How is this done? Well, we begin by answering the two most often asked questions by supporters and potential supporters.
This is a 3 part series:
- How to build a successful charity website Pt.1
- How to build a successful charity website Pt.2
- How to build a successful charity website Pt.3
A successful charity website targets its donors, volunteers and sponsors and helps maintain and gather more of their support. How is this done? Well, we begin by answering the two most often asked questions by supporters and potential supporters:
- What are you trying to achieve and what have you done so far?
- How will you spend my money & what have you done with donations so far?
OK. So let’s build off these questions and come up with some essential content for your website.
Question 1: What are you trying to achieve?
You can answer this by creating a summary of your mission statement. All you need is a brief (no longer than one small paragraph) statement that gives a quick glance at what you are trying to achieve. This will be posted on the homepage. This statement will link to a new page that will go into more detail.
The next page will feature your actual mission statement which should be motivational to your online readers. The statement should be clear and direct including: the purpose of your existence, the problem(s) that needs to be solved, statistics, news articles and stories about the problem and the strategic plan. Finally, your vision and goals should be stated. This usually leads to how the supporters can get involved.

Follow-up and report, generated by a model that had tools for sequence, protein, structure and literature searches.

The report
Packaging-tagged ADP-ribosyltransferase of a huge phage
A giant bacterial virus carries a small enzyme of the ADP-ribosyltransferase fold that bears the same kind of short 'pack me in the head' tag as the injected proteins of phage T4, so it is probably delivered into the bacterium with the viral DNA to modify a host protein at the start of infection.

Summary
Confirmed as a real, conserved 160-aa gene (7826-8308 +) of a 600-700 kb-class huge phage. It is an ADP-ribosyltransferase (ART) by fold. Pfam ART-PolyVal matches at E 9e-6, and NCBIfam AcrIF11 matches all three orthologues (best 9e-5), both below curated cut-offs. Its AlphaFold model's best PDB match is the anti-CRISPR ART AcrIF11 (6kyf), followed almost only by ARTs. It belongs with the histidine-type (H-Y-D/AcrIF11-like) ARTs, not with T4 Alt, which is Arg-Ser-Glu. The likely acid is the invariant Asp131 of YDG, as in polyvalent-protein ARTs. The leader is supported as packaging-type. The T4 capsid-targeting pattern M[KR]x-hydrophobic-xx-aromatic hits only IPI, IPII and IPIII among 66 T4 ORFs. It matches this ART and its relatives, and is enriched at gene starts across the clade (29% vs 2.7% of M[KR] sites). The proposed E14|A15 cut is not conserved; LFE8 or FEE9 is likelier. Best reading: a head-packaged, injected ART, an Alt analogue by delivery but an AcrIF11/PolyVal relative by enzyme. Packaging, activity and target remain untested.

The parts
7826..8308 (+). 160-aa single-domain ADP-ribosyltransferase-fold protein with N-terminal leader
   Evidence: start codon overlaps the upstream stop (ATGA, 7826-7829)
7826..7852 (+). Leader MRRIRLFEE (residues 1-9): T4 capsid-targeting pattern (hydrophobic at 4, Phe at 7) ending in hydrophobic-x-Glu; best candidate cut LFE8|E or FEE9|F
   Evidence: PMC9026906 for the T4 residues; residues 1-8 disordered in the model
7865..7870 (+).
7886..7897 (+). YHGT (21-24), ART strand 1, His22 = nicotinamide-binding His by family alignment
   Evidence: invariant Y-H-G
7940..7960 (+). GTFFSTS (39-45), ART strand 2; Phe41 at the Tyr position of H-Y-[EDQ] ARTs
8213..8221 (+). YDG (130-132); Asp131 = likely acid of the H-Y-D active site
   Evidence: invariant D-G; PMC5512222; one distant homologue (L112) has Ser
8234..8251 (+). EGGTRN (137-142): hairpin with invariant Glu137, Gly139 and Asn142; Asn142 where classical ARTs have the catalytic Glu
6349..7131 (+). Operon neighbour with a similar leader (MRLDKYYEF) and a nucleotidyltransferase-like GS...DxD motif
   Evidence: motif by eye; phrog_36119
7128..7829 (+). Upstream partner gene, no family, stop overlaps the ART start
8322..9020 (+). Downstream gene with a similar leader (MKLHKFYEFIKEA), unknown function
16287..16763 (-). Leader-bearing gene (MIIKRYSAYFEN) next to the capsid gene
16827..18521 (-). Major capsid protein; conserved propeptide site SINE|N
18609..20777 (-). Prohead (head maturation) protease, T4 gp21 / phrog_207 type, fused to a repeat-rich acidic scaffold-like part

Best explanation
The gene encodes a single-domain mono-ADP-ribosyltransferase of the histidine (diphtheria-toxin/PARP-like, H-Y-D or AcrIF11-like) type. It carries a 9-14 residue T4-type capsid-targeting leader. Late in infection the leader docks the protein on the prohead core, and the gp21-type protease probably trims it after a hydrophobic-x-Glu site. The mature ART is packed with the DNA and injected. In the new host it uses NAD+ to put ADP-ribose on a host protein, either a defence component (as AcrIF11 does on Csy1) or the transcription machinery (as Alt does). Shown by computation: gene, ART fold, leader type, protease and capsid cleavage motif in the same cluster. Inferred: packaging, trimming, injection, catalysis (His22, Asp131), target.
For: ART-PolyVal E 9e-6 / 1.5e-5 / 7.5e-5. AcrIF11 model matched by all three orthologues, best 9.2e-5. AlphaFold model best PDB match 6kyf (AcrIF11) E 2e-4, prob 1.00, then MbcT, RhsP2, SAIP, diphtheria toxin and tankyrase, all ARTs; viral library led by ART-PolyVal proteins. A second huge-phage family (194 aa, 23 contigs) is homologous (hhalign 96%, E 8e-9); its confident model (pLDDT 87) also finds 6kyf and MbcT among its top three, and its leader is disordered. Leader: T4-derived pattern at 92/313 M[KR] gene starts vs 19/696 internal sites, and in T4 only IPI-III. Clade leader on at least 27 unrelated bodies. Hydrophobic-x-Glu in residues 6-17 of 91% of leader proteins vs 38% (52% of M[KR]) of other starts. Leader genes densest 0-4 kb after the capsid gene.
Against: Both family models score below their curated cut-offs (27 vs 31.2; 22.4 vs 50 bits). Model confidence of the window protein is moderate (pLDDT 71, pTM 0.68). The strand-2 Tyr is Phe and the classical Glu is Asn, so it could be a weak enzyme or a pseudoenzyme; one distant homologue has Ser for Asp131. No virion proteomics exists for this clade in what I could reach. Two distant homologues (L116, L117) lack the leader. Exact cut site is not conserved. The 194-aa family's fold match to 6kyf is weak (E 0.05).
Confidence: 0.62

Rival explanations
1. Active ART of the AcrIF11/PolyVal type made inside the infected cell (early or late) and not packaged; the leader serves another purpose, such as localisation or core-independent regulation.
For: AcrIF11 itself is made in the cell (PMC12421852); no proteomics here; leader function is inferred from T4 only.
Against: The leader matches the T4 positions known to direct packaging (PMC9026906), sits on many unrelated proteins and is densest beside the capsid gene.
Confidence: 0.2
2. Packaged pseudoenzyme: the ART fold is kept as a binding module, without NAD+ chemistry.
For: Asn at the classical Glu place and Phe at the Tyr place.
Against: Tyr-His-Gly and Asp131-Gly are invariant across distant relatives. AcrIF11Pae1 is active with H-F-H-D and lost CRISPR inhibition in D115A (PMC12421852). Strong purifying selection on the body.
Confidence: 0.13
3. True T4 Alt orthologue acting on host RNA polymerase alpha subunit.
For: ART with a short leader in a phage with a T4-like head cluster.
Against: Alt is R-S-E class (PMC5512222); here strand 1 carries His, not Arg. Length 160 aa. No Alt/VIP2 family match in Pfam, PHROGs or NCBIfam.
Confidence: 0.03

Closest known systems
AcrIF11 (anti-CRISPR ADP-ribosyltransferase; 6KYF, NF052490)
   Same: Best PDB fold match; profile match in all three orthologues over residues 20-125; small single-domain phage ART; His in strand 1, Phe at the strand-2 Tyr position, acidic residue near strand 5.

Question 2: How will you spend my money?
Once again, on the homepage, you should have a brief overview of how the money is being spent with a link to more detailed information. In some charities, this is easily done by saying something like:
96 cents of every dollar is spent to feed children in southeast Michigan, or 25 dollars helps this amount of families, 50 helps this amount…
You can provide a pie chart showing how the donations are divided and used. After that, the homepage will link visitors to a more detailed spending page with information like: IRS form 990 and annual reports.
You can also get into who supplies what to your programs and include the cost for their services. It’s up to you to decide how much you want to disclose, but the point is to be transparent.
Next, use brief testimonies about how your charity has changed a life. Stories will help a donor make a decision to support your cause. Accomplishments should be listed as well, as they detail the goals you’ve reached so far.
Finally, press coverage, endorsements and awards from other organizations and the media will add even more validity and movement to your cause, which leads a supporter to confidently donate.